roving picket against workfare in london this saturday

As part of the National Week of Action Against Workfare from July 7th to 14th, some members of The Commune are helping to organise direct action against workfare’s main offenders.

Meet this Saturday July 7, mid day near Goodge St station.

Workfare isn’t just unpaid labour for the unemployed and a major attack on benefits. It is an attack on all working people – on their jobs, pay & conditions, and their ability to organise. We need to fight workfare together, whether or not we are in work, and whether or not we are on benefits.

Invite your friends, family, campaigning group, union branch. Also, if you can, bring things to liven it up: banners, placards, musical instruments and noise makers.

The leaflets we’ll be using are found below (print some and bring them along if you can) Continue reading “roving picket against workfare in london this saturday”

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liverpool anti-workfare action report

Adam Ford took to the streets as part of a lively national campaign

 

On Saturday, around forty activists responded to a callout by Liverpool Solidarity Federation, and picketed companies profiting from the coalition government’s workfare scheme. The demonstrators generally won a sympathetic reaction from the public, and the contribution of local musicians provided a much-needed morale boost as the skies opened. Continue reading “liverpool anti-workfare action report”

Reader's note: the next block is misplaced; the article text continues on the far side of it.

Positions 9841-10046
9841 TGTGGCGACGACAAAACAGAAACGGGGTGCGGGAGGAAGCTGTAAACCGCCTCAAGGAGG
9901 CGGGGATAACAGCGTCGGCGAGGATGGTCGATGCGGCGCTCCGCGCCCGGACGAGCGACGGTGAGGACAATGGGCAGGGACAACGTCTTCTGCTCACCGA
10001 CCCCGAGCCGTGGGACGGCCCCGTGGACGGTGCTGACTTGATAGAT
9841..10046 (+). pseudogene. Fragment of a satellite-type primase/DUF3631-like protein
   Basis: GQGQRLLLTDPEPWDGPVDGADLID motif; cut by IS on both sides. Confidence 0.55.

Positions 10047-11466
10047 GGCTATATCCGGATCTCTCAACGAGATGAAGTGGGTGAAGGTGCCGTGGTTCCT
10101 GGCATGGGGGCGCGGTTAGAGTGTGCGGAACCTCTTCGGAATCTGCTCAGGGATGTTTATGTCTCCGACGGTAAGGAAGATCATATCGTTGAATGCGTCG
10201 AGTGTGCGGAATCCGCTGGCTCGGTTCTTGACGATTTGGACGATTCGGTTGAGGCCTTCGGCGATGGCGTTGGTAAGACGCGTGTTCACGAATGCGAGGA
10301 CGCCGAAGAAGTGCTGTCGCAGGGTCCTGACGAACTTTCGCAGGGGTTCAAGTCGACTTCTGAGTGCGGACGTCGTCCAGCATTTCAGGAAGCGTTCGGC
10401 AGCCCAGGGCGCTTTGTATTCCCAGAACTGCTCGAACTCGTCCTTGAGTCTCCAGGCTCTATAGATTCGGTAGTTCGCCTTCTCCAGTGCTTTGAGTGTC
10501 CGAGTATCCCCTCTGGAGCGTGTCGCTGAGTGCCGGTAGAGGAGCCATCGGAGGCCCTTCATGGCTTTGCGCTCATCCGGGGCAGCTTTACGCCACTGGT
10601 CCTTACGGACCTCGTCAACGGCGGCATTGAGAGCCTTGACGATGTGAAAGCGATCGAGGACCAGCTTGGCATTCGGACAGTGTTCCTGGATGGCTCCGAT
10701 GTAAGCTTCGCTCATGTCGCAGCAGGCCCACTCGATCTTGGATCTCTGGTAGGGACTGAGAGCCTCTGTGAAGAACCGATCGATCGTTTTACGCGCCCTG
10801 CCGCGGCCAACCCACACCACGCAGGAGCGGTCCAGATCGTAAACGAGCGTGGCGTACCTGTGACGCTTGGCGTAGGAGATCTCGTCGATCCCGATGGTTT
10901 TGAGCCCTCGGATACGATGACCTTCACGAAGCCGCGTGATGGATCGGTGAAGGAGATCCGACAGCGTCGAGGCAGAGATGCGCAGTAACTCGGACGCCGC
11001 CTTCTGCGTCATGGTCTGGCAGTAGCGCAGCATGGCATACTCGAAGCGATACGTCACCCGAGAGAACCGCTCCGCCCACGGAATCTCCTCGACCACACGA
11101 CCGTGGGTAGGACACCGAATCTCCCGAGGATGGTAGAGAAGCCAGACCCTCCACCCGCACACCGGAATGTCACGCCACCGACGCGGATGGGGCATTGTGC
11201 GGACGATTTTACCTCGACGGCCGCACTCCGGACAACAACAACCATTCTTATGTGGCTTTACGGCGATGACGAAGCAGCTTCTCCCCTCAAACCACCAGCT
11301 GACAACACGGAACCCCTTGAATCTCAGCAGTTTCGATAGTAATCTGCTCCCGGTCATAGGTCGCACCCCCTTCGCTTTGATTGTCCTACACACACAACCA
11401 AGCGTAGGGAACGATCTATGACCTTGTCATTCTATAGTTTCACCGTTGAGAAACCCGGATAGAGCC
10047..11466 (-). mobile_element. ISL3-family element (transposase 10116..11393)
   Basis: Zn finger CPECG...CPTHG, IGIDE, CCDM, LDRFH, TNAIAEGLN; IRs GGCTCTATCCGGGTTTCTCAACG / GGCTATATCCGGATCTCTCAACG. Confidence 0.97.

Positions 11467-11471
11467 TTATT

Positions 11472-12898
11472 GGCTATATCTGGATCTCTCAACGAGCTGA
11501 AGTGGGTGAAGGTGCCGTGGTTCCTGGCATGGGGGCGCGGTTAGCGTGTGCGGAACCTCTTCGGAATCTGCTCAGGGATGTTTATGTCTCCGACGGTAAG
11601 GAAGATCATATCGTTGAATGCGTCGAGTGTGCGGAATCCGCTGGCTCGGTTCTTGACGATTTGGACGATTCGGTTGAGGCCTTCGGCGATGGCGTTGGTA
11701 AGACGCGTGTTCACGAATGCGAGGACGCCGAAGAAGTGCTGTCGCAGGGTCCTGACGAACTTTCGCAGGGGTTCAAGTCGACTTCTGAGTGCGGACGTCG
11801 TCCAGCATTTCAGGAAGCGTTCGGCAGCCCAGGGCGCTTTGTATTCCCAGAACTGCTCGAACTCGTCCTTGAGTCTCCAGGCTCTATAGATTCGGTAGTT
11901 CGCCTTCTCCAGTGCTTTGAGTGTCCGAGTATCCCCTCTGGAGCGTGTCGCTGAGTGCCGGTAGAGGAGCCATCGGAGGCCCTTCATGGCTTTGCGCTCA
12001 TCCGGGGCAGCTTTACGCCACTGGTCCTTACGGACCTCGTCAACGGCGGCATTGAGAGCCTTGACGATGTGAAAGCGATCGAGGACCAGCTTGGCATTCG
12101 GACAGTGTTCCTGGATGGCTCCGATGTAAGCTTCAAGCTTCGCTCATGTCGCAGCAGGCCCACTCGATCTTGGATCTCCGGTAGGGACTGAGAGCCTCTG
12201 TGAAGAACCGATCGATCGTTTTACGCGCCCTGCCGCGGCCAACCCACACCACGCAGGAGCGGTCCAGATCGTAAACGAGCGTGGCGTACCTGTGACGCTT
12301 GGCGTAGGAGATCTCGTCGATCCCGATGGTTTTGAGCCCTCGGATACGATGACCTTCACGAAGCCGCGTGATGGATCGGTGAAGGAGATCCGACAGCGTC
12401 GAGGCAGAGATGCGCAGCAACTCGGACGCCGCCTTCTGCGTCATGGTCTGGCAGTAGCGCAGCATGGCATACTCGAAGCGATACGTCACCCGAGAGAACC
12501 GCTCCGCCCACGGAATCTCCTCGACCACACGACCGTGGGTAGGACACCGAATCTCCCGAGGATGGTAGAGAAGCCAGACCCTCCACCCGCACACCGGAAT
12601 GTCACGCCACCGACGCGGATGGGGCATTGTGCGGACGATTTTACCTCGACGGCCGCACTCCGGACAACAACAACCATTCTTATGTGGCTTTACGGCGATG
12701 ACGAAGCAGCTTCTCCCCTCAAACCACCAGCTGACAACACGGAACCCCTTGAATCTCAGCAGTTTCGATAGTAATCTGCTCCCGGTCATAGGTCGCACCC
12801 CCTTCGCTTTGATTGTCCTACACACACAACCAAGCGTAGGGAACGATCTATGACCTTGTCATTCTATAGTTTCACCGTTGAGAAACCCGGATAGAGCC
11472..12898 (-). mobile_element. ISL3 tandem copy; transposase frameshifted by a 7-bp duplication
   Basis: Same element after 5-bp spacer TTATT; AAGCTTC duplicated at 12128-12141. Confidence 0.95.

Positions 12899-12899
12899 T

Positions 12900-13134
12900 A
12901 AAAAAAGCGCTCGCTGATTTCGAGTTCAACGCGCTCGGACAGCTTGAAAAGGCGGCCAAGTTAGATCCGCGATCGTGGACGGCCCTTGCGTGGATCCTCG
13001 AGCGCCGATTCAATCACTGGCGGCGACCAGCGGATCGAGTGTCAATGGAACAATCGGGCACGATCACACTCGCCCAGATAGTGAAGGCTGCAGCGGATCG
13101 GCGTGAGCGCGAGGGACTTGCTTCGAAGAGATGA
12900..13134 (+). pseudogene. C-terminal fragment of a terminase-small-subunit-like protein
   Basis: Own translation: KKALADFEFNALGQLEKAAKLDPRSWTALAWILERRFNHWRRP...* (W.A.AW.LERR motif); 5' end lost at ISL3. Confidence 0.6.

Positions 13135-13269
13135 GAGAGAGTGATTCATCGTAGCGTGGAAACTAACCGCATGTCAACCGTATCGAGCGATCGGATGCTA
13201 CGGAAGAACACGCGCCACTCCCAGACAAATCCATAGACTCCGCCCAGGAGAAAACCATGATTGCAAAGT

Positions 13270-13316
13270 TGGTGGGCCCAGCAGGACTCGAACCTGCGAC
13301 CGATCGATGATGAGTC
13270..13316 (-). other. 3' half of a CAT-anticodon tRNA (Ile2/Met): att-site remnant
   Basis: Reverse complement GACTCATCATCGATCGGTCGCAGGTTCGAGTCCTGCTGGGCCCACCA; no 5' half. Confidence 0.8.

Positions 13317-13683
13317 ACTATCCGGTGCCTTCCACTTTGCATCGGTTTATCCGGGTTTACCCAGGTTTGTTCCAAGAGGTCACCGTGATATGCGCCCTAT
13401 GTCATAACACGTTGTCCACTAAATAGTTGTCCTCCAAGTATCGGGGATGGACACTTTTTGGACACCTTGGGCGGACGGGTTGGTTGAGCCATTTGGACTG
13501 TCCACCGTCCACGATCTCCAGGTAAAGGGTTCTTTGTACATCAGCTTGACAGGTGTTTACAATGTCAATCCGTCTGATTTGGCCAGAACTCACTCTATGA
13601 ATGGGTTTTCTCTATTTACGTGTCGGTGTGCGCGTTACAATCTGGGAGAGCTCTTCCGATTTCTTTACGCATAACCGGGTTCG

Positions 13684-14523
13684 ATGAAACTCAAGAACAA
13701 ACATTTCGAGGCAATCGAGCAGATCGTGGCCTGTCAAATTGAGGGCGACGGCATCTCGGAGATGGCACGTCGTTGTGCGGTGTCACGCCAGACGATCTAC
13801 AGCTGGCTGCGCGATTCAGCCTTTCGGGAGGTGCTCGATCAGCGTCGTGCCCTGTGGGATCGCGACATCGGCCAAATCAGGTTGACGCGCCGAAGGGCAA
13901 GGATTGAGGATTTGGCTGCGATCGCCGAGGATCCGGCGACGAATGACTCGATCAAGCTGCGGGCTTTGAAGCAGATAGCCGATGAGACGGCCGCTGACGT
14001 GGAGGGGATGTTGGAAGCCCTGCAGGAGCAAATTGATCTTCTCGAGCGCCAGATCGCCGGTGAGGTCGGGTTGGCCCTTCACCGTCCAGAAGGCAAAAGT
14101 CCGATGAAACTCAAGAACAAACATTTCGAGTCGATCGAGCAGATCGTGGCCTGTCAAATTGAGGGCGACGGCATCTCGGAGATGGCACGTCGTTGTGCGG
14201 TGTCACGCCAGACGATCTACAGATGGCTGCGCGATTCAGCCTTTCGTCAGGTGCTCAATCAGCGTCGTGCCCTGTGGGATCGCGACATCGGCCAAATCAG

‘how do we break workfare?’ conference report

On Saturday May 26th around fifty activists from around the country (although mostly the South-East) met in Brighton for a conference entitled ‘how do we break workfare?’. Here, Ollie Sutherland summarises the main conclusions of the conference

What is workfare and why we need to break it

Workfare is a direct and violent attack on regular working people. It is forcing those unemployed into unpaid labour to receive their benefits, claimed to be valuable work experience to make them more employable. However, the labour is things like stacking shelves – hardly valuable work experience, and is given to businesses (big or small) which have no intention of hiring more staff. In fact, because the businesses can get unpaid labour from the JobCentre or private work providers, they can fire existing staff who they have to pay minimum wage for. Some businesses, like Holland & Barrett, have explicitly said this is their aim – to exploit working people, using what is technically slave labour. The scheme originates from the government’s close ties to business: workfare is the state subsidising private companies, as in making people work in private companies to receive their benefits, the state is paying the workers’ wages (£2/hour or lower) while the businesses get free labour. Continue reading “‘how do we break workfare?’ conference report”

love nor money: unpaid work at tesco

Sharon Borthwick looks at the absurd ideology behind last month’s row over workfare schemes

What a joke to have a national minimum wage if you are then allowed to pay your employees nothing at all. “Stacking supermarket shelves is better than dreaming of stardom via TV’s the X Factor”, smarms Work and Pensions Secretary Iain Duncan Smith. For a quiet man he doesn’t half come out with a lot of shit. What of young persons more pragmatic dreams, to gain paid employment after education?

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“The idea that we should allow a bunch of extremists to get in the way of providing genuine, voluntary help for young people is just crazy” says the indignant Chris Grayling referring to the successes of left groups including Boycott Workfare and Right To Work in either getting firms to withdraw from or postpone their involvement with the government’s workfare programmes, including Mandatory Work Activity whereby claimants can have their benefits withdrawn for thirteen weeks for not working for zero wages  for eight weeks. Continue reading “love nor money: unpaid work at tesco”